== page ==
Girls In Trouble is a song cycle and a band. It is also a text study. For Rabins, who grew up secular, this project is a way to stay connected Jewish thought and practice. As a young adult, she attended to Pardes, a progressive egalitarian yeshiva in Jerusalem whose name evokes Eden and the mystical orchard, and had two years of great chevrutah experience (the traditional, one-on-one mode of Jewish learning). Now, on the road and far from the holy city, Rabins draws from boxes of "old, holy books" and studies these stories mostly alone.

"I kind of see everything that you meet each day and come to over and over again as spiritual practice," Rabins said on the road from Atlanta to Carrboro, N.C., Girls In Trouble toured the southern United States in the weeks leading up to the new album's official release (to be celebrated with a hometown show at Joe's Pub in Manhattan on Thursday). Writing poetry, creating music, friendship and marriage are all part of the violinist's daily spiritual life. (It helps that her husband, bassist Aaron Hartman, is in the band.)

When Rabins returned from Pardes in 2000, she had to balance touring life and observant life. She began playing in Golem in 2004, her first Jewish music playing experience, and felt less pressure then to be "observant." She now feels very intuitive about her observance. For example, she says the traveler's prayer every day. Even on Shabbat. She feels she's probably one of the only people who would say this prayer while traveling in a car on the Sabbath.

Investigating spiritual experience is a big part of Rabins' work -- specifically, investigating spiritual experience that brings people together. A lot of times there's a distance between the artist and the audience, she said. With this song cycle, there's a closeness created through the stories told. The concert setting is a great way to have this dialogue.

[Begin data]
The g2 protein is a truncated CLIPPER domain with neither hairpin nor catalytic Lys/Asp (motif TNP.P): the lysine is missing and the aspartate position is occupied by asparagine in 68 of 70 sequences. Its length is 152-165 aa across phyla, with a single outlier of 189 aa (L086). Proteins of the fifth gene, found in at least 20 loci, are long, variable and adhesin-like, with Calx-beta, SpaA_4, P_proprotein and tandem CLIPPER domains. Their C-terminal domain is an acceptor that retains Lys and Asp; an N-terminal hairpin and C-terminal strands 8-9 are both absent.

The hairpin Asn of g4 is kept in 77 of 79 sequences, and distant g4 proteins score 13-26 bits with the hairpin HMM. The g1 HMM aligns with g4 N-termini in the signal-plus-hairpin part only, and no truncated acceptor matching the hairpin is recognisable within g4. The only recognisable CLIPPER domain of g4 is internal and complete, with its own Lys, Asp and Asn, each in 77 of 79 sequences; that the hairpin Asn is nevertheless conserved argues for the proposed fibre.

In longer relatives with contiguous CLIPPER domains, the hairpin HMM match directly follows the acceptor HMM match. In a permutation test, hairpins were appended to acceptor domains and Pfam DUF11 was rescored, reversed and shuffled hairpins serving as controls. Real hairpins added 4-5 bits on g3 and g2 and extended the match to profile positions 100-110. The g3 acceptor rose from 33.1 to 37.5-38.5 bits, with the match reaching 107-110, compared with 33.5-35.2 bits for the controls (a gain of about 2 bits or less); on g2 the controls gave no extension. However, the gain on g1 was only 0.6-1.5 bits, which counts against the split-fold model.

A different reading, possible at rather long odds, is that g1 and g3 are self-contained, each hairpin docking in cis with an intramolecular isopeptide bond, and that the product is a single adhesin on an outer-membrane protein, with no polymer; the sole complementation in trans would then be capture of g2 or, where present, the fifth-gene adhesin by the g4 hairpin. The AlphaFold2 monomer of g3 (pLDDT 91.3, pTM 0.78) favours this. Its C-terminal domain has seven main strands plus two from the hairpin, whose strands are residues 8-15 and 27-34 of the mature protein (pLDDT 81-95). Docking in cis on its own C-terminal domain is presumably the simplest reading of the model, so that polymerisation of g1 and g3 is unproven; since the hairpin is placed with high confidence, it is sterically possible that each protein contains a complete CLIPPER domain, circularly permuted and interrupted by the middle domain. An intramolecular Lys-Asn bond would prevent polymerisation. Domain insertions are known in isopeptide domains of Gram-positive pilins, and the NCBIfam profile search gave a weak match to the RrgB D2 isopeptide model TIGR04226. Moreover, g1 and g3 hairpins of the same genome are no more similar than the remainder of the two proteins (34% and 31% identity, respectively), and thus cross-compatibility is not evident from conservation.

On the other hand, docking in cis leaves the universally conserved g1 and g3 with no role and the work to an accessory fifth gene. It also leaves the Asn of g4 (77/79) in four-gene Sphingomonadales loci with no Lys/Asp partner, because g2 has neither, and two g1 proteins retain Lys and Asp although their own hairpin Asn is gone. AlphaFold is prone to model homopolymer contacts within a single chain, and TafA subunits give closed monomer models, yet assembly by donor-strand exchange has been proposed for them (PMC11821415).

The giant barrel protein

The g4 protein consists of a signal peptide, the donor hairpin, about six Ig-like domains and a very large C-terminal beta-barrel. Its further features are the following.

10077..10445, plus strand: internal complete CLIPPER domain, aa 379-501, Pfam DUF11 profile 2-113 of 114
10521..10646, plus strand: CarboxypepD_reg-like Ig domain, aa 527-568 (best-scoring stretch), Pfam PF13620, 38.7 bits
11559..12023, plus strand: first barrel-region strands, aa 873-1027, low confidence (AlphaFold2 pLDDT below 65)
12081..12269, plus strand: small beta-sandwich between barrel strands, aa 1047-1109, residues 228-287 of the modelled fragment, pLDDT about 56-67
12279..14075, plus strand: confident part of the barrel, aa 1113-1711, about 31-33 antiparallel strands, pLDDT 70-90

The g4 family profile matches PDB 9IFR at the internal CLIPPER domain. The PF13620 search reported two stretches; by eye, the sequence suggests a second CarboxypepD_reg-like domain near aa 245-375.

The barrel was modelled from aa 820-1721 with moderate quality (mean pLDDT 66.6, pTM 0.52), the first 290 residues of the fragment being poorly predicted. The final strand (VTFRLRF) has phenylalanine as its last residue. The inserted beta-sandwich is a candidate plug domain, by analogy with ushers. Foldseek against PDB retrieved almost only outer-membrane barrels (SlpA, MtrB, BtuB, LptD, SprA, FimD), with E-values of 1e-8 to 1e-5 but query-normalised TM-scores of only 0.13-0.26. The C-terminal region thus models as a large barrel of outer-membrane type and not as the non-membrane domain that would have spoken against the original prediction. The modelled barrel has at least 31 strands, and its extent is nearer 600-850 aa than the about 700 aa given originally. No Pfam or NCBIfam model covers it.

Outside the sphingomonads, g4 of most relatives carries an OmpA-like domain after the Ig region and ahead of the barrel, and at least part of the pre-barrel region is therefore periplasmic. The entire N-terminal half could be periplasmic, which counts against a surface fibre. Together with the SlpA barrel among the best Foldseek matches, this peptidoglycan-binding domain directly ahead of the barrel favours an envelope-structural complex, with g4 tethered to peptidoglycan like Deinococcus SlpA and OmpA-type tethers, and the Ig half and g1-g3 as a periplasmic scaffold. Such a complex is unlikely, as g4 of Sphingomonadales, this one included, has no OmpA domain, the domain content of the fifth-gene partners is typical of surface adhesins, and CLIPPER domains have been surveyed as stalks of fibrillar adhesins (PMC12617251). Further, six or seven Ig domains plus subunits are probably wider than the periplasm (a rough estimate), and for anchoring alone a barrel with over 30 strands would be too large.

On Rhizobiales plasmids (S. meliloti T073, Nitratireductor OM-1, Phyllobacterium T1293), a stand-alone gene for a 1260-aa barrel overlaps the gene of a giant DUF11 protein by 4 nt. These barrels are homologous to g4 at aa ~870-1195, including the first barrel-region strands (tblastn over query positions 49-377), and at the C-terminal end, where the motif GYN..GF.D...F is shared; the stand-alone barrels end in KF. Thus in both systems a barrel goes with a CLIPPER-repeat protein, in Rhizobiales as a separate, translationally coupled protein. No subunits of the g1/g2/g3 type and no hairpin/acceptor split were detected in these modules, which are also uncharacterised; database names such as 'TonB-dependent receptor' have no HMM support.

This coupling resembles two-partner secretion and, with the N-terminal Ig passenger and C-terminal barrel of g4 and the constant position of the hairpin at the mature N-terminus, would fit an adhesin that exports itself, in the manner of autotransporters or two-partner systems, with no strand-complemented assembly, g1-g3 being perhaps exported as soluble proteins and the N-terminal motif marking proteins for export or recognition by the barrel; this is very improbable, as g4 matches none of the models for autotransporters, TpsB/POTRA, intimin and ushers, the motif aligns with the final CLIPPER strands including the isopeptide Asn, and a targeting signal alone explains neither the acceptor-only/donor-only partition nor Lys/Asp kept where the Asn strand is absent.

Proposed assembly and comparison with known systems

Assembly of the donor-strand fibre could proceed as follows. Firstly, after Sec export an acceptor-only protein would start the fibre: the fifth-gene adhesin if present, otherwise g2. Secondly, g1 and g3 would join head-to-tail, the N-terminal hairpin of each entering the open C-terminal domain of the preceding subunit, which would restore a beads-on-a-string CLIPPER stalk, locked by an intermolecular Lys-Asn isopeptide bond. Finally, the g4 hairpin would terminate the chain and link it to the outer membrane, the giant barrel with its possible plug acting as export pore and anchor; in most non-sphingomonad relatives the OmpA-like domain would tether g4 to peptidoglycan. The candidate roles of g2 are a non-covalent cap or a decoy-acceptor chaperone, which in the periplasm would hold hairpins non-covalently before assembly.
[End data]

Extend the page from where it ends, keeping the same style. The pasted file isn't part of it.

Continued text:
Too often, religion is simplified, she said. All the adult, complicated stories get pushed under the rug. Rabins studied English in college and didn't have a lot of familiarity with the text of the Torah at the time. She loved literature and was gratified -- and surprised -- to find that the stories in the Torah are great literature. Similarly, part of touring, beyond bringing people together and "studying" these new/ancient stories, is being surprised and gratified by unexpected twists.

Like earlier on, when Girls In Trouble was supposed to play a house show in Columbia, S.C. Arriving in town, the band learned that the house was shut down for noise violations the week prior. Stuck trying to find a venue at the last minute, they walked into the communications museum in downtown Charleston -- filled with old recording gear, cameras and weird stuff, Rabins said -- and got permission to put together a show there. Amid the wires and speakers and electronics was a Stroh violin, which is kinda like a violin with a horn on it for amplification that was created in the early 1900s. Rabins, who had only ever seen the instrument on video, was able to play this bizarre violin during the show.

At Joe's Pub on Thursday, the full incarnation -- all five pieces -- of Girls In Trouble will be present. To Rabins, that means the show will be a very full compared to the stripped-down three-piece sound during this tour. Drums, accordion, live violin looping. Musically diverse and emotionally present.

After this tour, she'll start mining the Talmud for material. The volume of stories there is almost endless, and the stories themselves almost weirder than real life.

"The Talmudic stories get pretty psychedelic," Rabins said.

But don't assume that trippy anecdotes will equal a new surreal sound. Rabins likes tension and angles, and she's tempted to compose grounded tunes about heavenly matters.

"I like the music to express the story," she said, "but I also like it to challenge the story."